Team uses nanoparticles to enhance chemotherapy

Jul 07, 2014 by James Hataway
Shanta Dhar (center), Rakesh Pathak (right) and Sean Marrache have developed a new formulation of cisplatin, a common chemotherapy drug, that significantly increases the drug's ability to target and destroy cancerous cells. Credit: University of Georgia

(Phys.org) —University of Georgia researchers have developed a new formulation of cisplatin, a common chemotherapy drug, that significantly increases the drug's ability to target and destroy cancerous cells.

Cisplatin may be used to treat a variety of cancers, but it is most commonly prescribed for cancer of the bladder, ovaries, cervix, testicles and lung. It is an effective drug, but many cancerous cells develop resistance to the treatment.

Shanta Dhar, assistant professor of chemistry in the UGA Franklin College of Arts and Sciences, and Rakesh Pathak, a postdoctoral researcher in Dhar's lab, constructed a modified version of cisplatin called Platin-M, which is designed to overcome this resistance by attacking mitochondria within cancerous cells. They published their findings recently in the Proceedings of the National Academy of Sciences.

"You can think of mitochondria as a kind of powerhouse for the cell, generating the energy it needs to grow and reproduce," said Dhar, a member of the UGA Cancer Center and principal investigator for the project. "This prodrug delivers cisplatin directly to the mitochondria in . Without that essential powerhouse, the cell cannot survive."

Sean Marrache, a graduate student in Dhar's lab, entrapped Platin-M in a specially designed nanoparticle 1,000 times finer than a human hair that seeks out the mitochondria and releases the drug. Once inside, Platin-M interferes with the 's DNA, triggering cell death.

Dhar's research team tested Platin-M on neuroblastoma-a cancer commonly diagnosed in children-that typically originates in the adrenal glands. In preliminary experiments using a cisplatin-resistant cell culture, Platin-M were 17 times more active than alone.

"This technique could become a treatment for a number of cancers, but it may prove most useful for more aggressive forms of cancer that are resistant to current therapies," said Pathak.

Both Dhar and Pathak caution that their experimental results are preliminary and they must do more work before Platin-M enters any clinical trials. However, their early results in mouse models are promising, and they are currently developing safety trials in larger animals.

"Cisplatin is a well-studied chemotherapy, so we hope our unique formulation will enhance its efficacy," said Dhar, who is also a member of UGA's Nanoscale Science and Engineering Center, Center for Drug Discovery, and Regenerative Bioscience Center. "We are excited about these early results, which look very promising."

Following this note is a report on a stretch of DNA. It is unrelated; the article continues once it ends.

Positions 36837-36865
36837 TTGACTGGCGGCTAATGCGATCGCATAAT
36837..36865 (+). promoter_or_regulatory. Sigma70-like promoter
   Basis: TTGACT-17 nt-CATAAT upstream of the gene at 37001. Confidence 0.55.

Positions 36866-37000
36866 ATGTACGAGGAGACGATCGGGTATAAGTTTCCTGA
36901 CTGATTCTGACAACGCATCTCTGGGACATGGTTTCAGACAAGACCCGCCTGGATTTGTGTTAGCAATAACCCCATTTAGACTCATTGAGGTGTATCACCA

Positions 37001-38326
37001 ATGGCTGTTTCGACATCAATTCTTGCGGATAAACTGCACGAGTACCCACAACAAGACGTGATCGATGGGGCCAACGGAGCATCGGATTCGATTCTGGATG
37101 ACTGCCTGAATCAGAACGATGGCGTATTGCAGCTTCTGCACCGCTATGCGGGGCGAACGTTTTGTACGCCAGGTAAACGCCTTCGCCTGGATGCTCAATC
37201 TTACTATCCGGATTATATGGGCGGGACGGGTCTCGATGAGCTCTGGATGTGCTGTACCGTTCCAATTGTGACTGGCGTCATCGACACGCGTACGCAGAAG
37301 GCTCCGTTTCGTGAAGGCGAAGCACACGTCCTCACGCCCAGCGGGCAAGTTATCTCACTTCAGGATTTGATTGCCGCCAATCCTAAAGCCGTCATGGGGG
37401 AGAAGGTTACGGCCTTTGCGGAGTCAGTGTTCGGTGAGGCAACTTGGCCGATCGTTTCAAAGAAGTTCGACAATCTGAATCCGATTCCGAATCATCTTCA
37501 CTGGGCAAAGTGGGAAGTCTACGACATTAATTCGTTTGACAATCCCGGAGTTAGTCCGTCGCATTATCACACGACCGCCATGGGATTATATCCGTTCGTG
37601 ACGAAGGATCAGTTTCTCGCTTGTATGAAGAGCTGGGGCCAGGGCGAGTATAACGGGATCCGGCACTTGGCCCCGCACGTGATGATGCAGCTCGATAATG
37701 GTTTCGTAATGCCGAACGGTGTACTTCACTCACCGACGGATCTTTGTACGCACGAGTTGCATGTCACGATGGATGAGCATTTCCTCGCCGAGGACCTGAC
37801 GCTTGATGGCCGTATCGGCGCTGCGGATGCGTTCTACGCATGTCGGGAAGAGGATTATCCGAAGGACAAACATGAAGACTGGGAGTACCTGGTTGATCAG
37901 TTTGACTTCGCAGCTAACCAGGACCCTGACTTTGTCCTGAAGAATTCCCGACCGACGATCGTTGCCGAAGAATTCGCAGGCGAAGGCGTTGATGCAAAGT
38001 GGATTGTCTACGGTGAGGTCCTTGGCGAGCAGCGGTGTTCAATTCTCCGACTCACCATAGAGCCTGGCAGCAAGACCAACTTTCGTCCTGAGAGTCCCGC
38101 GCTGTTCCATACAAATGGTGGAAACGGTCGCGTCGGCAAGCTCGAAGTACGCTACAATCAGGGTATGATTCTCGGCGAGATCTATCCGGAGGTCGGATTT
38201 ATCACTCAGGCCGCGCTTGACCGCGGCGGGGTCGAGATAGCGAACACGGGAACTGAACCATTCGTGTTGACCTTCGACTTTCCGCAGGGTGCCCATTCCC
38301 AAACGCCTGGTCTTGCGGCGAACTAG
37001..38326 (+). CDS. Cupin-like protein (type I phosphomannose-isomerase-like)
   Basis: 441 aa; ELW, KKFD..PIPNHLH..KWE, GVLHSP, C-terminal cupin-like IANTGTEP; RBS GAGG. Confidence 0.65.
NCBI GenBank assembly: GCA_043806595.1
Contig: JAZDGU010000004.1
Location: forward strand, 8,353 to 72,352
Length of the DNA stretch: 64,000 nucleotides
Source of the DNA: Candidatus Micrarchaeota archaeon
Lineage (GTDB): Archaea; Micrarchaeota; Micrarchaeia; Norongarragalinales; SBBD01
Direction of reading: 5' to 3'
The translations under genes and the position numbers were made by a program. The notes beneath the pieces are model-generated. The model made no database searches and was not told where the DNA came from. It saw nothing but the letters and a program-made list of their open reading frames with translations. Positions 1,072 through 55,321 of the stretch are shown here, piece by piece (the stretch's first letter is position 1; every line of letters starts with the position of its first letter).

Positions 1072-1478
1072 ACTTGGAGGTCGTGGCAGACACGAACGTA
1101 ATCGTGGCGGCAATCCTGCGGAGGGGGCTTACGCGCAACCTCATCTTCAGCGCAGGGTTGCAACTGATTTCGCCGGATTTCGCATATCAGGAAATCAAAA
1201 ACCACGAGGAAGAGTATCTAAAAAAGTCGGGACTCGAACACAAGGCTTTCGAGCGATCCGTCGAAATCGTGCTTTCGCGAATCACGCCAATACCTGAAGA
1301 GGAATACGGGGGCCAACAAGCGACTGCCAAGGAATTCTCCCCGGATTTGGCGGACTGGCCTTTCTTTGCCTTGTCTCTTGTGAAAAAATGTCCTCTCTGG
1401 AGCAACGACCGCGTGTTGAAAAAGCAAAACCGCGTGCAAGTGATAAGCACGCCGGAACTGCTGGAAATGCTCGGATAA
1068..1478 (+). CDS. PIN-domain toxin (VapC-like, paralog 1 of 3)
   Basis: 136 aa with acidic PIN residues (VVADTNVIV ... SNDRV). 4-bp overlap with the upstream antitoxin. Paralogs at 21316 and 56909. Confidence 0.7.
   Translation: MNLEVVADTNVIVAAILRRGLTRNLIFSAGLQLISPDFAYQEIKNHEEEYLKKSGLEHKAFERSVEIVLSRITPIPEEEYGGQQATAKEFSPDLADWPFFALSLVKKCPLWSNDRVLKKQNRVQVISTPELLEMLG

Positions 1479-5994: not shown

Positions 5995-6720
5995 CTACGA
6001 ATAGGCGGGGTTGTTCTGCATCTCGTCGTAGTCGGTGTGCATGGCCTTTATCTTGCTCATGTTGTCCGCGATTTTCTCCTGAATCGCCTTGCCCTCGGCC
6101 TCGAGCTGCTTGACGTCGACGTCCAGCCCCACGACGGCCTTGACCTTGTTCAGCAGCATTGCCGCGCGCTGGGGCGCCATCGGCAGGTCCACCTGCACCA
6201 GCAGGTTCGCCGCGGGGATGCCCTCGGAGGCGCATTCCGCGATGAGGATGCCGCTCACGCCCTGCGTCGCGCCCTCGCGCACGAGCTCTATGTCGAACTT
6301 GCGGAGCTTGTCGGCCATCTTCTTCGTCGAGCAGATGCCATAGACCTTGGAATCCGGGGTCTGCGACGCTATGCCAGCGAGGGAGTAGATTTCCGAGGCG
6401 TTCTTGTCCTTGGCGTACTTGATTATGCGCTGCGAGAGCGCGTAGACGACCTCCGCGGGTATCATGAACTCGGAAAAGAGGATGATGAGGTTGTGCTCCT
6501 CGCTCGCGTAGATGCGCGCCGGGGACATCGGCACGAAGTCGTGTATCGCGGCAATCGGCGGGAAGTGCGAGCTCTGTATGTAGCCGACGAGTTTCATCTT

This work was supported by an award from the National Institutes of Health, grant number P30GM092378, through the UGA Center of Metalloenzyme Studies and the UGA Office of the Vice President for Research.

Explore further: New aspirin-based prodrug may prevent damage caused by chemotherapy

More information: Detouring of cisplatin to access mitochondrial genome for overcoming resistance, Proceedings of the National Academy of Sciences, www.pnas.org/cgi/doi/10.1073/pnas.1405244111

add to favorites email to friend print save as pdf

Related Stories

Researchers use nanoparticles to fight cancer

Aug 14, 2013

Researchers at the University of Georgia are developing a new treatment technique that uses nanoparticles to reprogram immune cells so they are able to recognize and attack cancer. The findings were published ...

Fine tuning an old-school chemotherapy drug

May 05, 2014

First approved by the FDA in the 1970s, the chemotherapy drug cisplatin and its relative carboplatin remain mainstays of treatment for lung, head and neck, testicular and ovarian cancer. However, cisplatin's ...

Recommended for you

Nano-forests to reveal secrets of cells

5 hours ago

Vertical nanowires could be used for detailed studies of what happens on the surface of cells. The findings are important for pharmaceuticals research, among other applications. A group of researchers from ...

Intricate algae produce low-cost biosensors

Sep 01, 2014

(Phys.org) —Oregon State University researchers are combining diatoms, a type of single-celled photosynthetic algae, with nanoparticles to create a sensor capable of detecting miniscule amounts of protein or other biomarkers.

Introducing the multi-tasking nanoparticle

Aug 26, 2014

Kit Lam and colleagues from UC Davis and other institutions have created dynamic nanoparticles (NPs) that could provide an arsenal of applications to diagnose and treat cancer. Built on an easy-to-make polymer, these particles ...

User comments : 0